Archive for November, 2013

We lived for nearly five years in South America during the first part of my career and I spent the rest of it wandering in and out of that fascinating part of the world.

During that time, my normal mode of operation was to arrange a meeting with a few of the most knowledgeable folk wherever I found myself to let them tell me what it was like living where they lived.

One of those places was Pasto, Colombia—a sleepy little city high up in the cordillera just above the elevation where the coca plant grows best and where a few of the local wise guys had just tunneled their way into the bank—from the jail where they had recently been tossed. Pasto is that kind of place.

I stopped there on my way to Chile once. And to get things started on a project to have the local farmers convert their really, really, great cash crop to something like switch grass, I asked the fellow I was to work with if he could arrange such a meeting for when I got back in four days. Six or seven experts would be the right number for a good discussion.

Volcán Galeras, Pasto, Colombia (Wikipedia Commons)

Volcán Galeras, Pasto, Colombia (Wikipedia Commons)

Early on the day I returned, I asked if everything was set and he said, “Yes. For 5:30.” At 5:00 on the dot, we took a short drive to the university where we were met by its rector. The three of us stood for about 15 minutes in a hallway of the school and then the door we were standing by opened and I was politely asked to go in first. I did and as I did, I heard a fellow standing on a stage, microphone in hand, talking to a small group of 200 members of the nation’s Association of Geographers and he was introducing me as the one to give an hour-long key-note address on “Recent Advancements in Environmental Impact Evaluation.”

It was the first I new of it. As a matter of fact, it was the first I knew of the Asociación de Geógrafos Colombianos. Pasto is that kind of place.

So, I started off by saying that an hour was probably 55 minutes longer than the five minutes I hadn’t prepared for and went on from there.

On the positive side, I haven’t had a problem with public speaking in Spanish since, and that experience gives me the background to advise those of you who may attempt translation of Forrest Fenn’s Memoir into Spanish—especially when you get to that part about the “home of Brown” which, apparently, is where some of you are.

First, in his Memoir, Forrest Fenn, while admitting to a certain admiration for his Spanish teacher, likewise admits that he should have flunked the class. So believing that Forrest Fenn could sneak in a clue in Spanish is your first error. I’ve little doubt that the best Forrest could do is “Houso da Browno” and that his only other phrase of value is “Dondi is la bano.”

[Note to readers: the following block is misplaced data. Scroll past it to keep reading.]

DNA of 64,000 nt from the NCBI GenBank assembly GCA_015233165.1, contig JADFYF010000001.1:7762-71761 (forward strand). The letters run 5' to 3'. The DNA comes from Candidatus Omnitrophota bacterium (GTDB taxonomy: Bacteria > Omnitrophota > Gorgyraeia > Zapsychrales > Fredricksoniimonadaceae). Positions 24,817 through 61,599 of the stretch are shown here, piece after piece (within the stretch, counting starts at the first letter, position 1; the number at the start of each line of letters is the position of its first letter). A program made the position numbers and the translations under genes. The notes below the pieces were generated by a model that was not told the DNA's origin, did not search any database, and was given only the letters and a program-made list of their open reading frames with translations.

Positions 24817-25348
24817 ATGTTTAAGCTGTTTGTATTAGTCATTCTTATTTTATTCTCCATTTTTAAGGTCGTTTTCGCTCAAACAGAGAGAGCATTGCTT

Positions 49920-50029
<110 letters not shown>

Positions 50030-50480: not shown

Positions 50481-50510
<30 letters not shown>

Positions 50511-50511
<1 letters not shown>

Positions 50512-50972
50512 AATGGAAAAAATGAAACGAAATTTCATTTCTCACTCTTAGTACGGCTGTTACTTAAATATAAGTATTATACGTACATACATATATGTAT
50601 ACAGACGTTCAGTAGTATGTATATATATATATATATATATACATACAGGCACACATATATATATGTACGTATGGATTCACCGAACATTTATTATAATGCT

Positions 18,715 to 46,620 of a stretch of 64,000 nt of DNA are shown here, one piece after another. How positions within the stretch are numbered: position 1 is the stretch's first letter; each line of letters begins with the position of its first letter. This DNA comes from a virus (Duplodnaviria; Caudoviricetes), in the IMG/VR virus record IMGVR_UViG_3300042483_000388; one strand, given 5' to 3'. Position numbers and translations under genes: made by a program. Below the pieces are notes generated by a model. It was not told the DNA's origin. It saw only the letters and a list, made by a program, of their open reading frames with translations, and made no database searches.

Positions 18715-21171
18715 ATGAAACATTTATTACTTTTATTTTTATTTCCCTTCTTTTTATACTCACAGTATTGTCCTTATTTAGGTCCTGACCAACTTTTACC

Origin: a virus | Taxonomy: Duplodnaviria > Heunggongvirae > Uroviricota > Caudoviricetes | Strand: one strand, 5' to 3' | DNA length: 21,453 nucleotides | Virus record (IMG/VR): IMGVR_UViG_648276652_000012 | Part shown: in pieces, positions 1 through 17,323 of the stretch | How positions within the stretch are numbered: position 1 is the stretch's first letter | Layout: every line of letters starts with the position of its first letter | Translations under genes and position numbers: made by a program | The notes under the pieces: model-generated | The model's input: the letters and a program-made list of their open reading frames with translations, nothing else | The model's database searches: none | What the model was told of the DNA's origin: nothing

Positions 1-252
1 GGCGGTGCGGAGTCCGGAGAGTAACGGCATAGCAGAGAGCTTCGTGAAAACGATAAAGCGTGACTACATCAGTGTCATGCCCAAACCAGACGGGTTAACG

The second error lies in translating “brown” as “moreno” instead of what it really means, which is “marrón.” Yes, I know that “moreno” can mean “brown” but only in the sense of a suntan. It’s like my wife commenting on how “brown” I got putting the new roof on when what she really means is how “dark” my ageing skin had become.

Likewise, when a friend of mine admires the “morena” instead of the “rubia” when two of the “girls from Impanema” walk by, he is saying that he admires the one with dark hair over the blond no matter the skin color. On the other hand, when a young lady from Impanema admires the “moreno,” nine times out of ten he is the one with dark skin. Thus, concentrating a search to the Moreno Valley of Northern New Mexico just because one believes it to be the “Brown Valley” could be an error.

A third error has to do with the Cimarron River. That is, “Cimarrón,” though containing “marrón,” is not even close to ”brown” no matter how many of us walk that river in search of Forrest’s treasure. The word means “wild” as in “runaway,” be it a plant, a horse, or a younger brother.

The fourth error—which is not so clear, has to do with the differences between “casa,” “hogar,” and “querencia.” “Casa,” of course means “house” as in “Voy a la casa” which is “I go to the house.” Generally, “home” is translated as “hogar;” as the place where we sometimes eat, sleep and watch Seinfeld reruns. “Querencia,” on the other hand, is the term that best fits the “home” in “home of Brown.”

At least that is how I interpret it and I do so because it best fits one of Forrest’s “unknown knowns” and it has to do with “home” as a special place that carries a significance far beyond that building where we show up to eat or to sleep or to watch television or because it has “free” wi-fi. Conservation writers, landscape architects, and certain philosophers call the phenomenon “Sense of Place” and for me, the best articulation of the concept is given by Barry Lopez (The Rediscovery of North America) who uses the argument of “La Querencia” as the basis for his understanding of “sense of place.”

That is, La Querencia is that spot in the bull ring where the bull goes to rest, to gather himself, to put aside the wounds from the lances, the darts, and the confusion that he has just been made to go through. It is that place where he gathers his strength and focus for the renewal of his fight with those who wish him ill. And he goes there because he understands it to be that very special place.

My guess is that such a place is the real “home of Brown” and Forrest Fenn knows it well.

Te wi miti baka,

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